OUT OF ARABIA: LANDSCAPE THROUGHOUT THE ARABIAN PENINSULA
25 November - 29 November 2013
After a year of exciting events at The Arab British Centre, we are proud to be working with the British Council on our final exhibition of 2013, Out of Arabia: Landscape throughout the Arabian Peninsula. This showcase will bring together nine artists, seven born in Saudi Arabia, one in Egypt and one in the USA, all of whom had participated in the Out of Arabia online art competition organised by the British Council in 2012.

OUT OF ARABIA: LANDSCAPE THROUGHOUT THE ARABIAN PENINSULA

25 November - 29 November 2013

After a year of exciting events at The Arab British Centre, we are proud to be working with the British Council on our final exhibition of 2013, Out of Arabia: Landscape throughout the Arabian Peninsula. This showcase will bring together nine artists, seven born in Saudi Arabia, one in Egypt and one in the USA, all of whom had participated in the Out of Arabia online art competition organised by the British Council in 2012.

CREATIVE DISSENT: ARTS OF THE ARAB WORLD UPRISINGS

This exhibit explores the visual arts and other expressive media of the recent Arab World Uprisings.

Images are often used as communicative devices to present politicized messages. During the recent Arab World uprisings, demonstrators created images to express opposition to incumbent governments and members of the ruling elite. Over and again, activists, protesters, artists, and other individuals adopted the expressive media—including videos, photographs, painted and digital images, as well as slogans, music, and even puppets—to create visualized and performed modes of dissent within public space, both in the streets and online.

Creative Dissent: Arts of the Arab World Uprisings will be on display at the Arab American National Museum, November 8, 2013 - February 9, 2014. Lower Level Gallery, free with Museum admission.

Nur: Light in Art and Science from the Islamic World
Nur: Light in Art and Science from the Islamic World, spanning more than ten centuries and including ancient artworks and objects from throughout the Islamic world. The exhibition will be on display in Seville from October before travelling to the Dallas Museum of Art (USA) in Spring 2014.
Featuring 150 objects from public and private collections in Europe, North Africa, the Middle East, and the United States, Nur: Light in Art and Science from the Islamic World explores the use and meaning of light in Islamic art and science, and demonstrates how light is a unifying motif in Islamic civilizations worldwide. The exhibition, directed and curated by Islamic art and culture expert Dr. Sabiha Al Khemir, includes numerous unprecedented objects that have never been displayed in public, from gold and silver inlaid metalwork through to anatomical illustrations.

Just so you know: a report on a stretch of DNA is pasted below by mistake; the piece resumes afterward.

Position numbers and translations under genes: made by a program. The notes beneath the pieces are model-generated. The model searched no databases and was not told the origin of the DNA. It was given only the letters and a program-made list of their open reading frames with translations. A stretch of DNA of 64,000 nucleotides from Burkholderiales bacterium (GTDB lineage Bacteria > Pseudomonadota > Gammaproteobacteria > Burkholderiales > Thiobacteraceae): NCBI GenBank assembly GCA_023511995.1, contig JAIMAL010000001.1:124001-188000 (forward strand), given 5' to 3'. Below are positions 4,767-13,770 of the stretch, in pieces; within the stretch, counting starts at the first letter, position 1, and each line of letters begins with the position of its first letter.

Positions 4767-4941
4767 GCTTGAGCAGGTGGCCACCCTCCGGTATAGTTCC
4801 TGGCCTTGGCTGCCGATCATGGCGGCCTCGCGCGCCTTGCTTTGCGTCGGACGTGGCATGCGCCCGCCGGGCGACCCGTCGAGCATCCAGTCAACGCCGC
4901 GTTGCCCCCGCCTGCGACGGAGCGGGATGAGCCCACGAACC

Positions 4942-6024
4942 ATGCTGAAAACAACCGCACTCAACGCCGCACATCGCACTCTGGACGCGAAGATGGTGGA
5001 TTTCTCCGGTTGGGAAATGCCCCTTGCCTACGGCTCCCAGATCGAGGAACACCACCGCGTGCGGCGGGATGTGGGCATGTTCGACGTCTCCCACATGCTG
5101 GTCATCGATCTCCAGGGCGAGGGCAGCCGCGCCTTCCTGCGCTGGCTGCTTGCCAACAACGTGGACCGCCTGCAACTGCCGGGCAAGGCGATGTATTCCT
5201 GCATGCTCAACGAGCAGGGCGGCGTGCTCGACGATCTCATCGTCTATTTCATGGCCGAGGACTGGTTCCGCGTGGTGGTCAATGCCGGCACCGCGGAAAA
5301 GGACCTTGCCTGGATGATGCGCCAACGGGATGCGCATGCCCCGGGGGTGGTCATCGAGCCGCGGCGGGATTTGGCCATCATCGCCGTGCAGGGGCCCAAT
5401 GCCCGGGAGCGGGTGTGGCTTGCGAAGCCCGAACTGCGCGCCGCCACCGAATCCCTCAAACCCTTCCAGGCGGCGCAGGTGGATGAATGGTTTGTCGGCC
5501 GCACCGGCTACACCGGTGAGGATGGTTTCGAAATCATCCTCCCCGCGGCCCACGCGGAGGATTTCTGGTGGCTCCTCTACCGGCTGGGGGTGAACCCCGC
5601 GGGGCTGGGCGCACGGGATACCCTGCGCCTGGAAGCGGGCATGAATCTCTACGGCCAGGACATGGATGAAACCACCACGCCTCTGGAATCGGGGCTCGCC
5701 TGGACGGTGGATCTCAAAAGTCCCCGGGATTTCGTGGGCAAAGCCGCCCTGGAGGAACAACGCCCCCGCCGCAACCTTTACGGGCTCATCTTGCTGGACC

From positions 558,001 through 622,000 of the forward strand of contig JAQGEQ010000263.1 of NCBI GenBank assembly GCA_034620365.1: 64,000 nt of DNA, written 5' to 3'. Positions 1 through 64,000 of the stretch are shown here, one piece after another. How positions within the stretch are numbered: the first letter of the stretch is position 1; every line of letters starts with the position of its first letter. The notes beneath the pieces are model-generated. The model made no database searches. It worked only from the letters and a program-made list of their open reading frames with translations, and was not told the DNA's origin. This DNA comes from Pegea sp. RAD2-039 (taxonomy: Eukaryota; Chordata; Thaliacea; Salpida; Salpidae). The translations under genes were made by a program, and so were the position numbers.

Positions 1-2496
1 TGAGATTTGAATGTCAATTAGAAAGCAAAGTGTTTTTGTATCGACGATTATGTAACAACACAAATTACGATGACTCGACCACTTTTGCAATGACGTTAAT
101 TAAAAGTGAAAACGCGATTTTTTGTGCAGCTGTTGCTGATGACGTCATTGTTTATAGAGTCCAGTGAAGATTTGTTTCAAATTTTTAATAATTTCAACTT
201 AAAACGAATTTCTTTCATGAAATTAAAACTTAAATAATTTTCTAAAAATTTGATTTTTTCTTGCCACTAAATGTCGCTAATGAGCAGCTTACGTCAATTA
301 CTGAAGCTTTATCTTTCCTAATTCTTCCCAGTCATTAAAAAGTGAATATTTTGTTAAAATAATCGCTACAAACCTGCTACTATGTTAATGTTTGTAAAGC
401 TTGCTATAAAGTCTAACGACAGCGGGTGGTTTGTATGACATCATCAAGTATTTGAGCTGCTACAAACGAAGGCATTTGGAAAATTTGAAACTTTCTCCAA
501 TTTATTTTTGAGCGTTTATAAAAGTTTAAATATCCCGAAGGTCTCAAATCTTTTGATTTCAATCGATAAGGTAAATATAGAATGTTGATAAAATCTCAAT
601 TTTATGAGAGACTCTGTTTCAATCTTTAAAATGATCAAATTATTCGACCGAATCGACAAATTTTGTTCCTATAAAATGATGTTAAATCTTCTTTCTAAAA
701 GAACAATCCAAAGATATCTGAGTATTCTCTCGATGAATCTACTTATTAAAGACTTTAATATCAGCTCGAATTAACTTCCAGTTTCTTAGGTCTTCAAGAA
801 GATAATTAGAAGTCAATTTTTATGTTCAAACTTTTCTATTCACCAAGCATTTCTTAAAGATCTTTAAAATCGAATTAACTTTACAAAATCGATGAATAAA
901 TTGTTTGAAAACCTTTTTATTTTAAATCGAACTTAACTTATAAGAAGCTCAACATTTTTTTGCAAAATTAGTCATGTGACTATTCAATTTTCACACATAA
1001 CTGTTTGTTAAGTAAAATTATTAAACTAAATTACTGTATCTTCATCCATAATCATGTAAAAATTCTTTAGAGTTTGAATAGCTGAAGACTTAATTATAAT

The Nur: Light in Art and Science from the Islamic World exhibition will be housed at the Focus-Abengoa Foundation’s headquarters in the historic 17th century building, the Hospital de los Venerables Sacerdotes, from 25 October 2013 to 9 February 2014. It will subsequently travel to the United States and be on view at the Dallas Museum of Art in Texas, from 30 March 2014 to 29 June 2014. Deriving its title from the Arabic word for light in both the physical and metaphysical sense, 

Nur: Light in Art and Science from the Islamic World

Nur: Light in Art and Science from the Islamic World, spanning more than ten centuries and including ancient artworks and objects from throughout the Islamic world. The exhibition will be on display in Seville from October before travelling to the Dallas Museum of Art (USA) in Spring 2014.

Featuring 150 objects from public and private collections in Europe, North Africa, the Middle East, and the United States, Nur: Light in Art and Science from the Islamic World explores the use and meaning of light in Islamic art and science, and demonstrates how light is a unifying motif in Islamic civilizations worldwide. The exhibition, directed and curated by Islamic art and culture expert Dr. Sabiha Al Khemir, includes numerous unprecedented objects that have never been displayed in public, from gold and silver inlaid metalwork through to anatomical illustrations.

The Nur: Light in Art and Science from the Islamic World exhibition will be housed at the Focus-Abengoa Foundation’s headquarters in the historic 17th century building, the Hospital de los Venerables Sacerdotes, from 25 October 2013 to 9 February 2014. It will subsequently travel to the United States and be on view at the Dallas Museum of Art in Texas, from 30 March 2014 to 29 June 2014. Deriving its title from the Arabic word for light in both the physical and metaphysical sense,